Because of several recommendations, I ordered and decided to read The Historian by Elizabeth Kostova. It was long--just over 600 pages--but the promise of an exciting tale involving Dracula sounded so intriguing, I figured it would still be a quick read. Besides, I rarely shy away from a long book.
It was really long. I started reading the book before Easter and just finished it last week. There was just enough exciting plot development to keep me interested and I kept reading. I have to be completely fair and say that my malfunctioning brain (lack of thyroid medication--I'll write more about that later) probably played a large role in my frustration with the book. Also, I was reading a hardback copy of the book and it was very heavy. I love an actual book but I think this is a time when a electronic reader might have made the reading experience more pleasurable.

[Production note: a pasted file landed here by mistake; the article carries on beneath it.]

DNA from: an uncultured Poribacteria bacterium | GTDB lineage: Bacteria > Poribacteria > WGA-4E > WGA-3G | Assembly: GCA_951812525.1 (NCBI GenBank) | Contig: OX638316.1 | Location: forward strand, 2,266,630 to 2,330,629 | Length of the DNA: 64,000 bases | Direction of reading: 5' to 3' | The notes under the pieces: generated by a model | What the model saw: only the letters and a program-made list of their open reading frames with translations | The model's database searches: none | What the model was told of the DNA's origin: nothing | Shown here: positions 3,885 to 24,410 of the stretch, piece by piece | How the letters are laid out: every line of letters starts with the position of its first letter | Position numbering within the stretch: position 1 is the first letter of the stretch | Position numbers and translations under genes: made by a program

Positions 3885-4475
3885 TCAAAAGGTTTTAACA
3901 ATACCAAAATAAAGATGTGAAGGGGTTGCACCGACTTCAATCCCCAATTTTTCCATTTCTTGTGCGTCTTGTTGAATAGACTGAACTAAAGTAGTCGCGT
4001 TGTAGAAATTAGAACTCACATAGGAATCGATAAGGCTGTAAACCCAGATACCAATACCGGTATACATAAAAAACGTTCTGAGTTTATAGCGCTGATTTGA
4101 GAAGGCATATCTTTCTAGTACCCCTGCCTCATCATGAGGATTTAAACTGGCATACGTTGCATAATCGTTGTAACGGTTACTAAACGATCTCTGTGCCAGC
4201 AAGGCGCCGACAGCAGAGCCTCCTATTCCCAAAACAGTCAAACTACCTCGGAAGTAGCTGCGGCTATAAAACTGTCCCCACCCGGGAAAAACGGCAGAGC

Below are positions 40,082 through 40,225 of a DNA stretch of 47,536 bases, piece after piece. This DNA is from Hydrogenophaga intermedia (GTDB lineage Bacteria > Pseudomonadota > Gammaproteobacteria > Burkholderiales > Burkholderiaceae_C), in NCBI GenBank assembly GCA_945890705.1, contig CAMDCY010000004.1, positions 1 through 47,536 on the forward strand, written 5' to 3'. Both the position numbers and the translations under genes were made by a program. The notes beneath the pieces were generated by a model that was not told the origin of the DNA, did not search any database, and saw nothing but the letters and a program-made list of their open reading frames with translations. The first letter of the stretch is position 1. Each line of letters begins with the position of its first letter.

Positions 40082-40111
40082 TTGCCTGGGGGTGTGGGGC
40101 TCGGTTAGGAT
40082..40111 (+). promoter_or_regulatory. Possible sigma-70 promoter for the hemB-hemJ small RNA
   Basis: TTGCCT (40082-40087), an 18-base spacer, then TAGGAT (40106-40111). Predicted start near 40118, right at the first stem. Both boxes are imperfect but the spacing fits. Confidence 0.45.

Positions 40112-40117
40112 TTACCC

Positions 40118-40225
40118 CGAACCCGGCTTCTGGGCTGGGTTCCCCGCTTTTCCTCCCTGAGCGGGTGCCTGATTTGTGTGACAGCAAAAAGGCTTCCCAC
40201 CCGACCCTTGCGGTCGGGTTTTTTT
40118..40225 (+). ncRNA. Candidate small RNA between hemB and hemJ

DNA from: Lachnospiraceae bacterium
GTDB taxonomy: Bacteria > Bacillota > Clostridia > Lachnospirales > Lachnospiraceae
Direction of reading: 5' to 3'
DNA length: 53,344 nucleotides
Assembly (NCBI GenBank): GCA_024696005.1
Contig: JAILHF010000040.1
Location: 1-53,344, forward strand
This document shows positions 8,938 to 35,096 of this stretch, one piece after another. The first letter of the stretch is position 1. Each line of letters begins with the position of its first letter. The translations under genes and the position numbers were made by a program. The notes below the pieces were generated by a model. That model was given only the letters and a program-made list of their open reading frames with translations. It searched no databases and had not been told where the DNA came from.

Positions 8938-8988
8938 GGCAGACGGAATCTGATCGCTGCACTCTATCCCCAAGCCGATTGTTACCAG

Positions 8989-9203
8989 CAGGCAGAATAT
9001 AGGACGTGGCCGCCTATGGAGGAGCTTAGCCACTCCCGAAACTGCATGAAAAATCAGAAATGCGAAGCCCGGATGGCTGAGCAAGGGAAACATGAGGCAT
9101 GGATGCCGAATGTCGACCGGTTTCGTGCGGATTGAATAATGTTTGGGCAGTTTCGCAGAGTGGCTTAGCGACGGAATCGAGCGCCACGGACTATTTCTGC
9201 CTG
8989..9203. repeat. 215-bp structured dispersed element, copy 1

After finding a mysterious ancient book in her father's study, a young woman learns more about her father's studies of Dracula, the very famous and apparently very real vampire. Then, her father disappears and despite the very real peril, she sets out to find him.
Elizabeth Kostova is a talented and brilliant writer and this book is jammed packed with historical information and legend regarding the undead. Every detail is fully described. Much of the information is told through letters, documents and second-hand tales which slows down the action but is realistic as to an academic study of a subject. Every now and then something exciting and/or frightening would actually happen as the characters had a brush with a vampire and it would compel me to continue reading the book. The last 200 or so pages of the book were especially exciting and made the entire book worth reading. When I only had 75 pages left to go, I had to wonder how everything could actually be resolved in such a short space, but the ending is absolutely satisfactory.
I am not a fan of the current genre of vampire books, as you know, but I really did end up enjoying The Historian. Dracula is a terrifying creature in life and in death. Now, I'm inspired to get my hands on a copy of Bram Stoker's Dracula.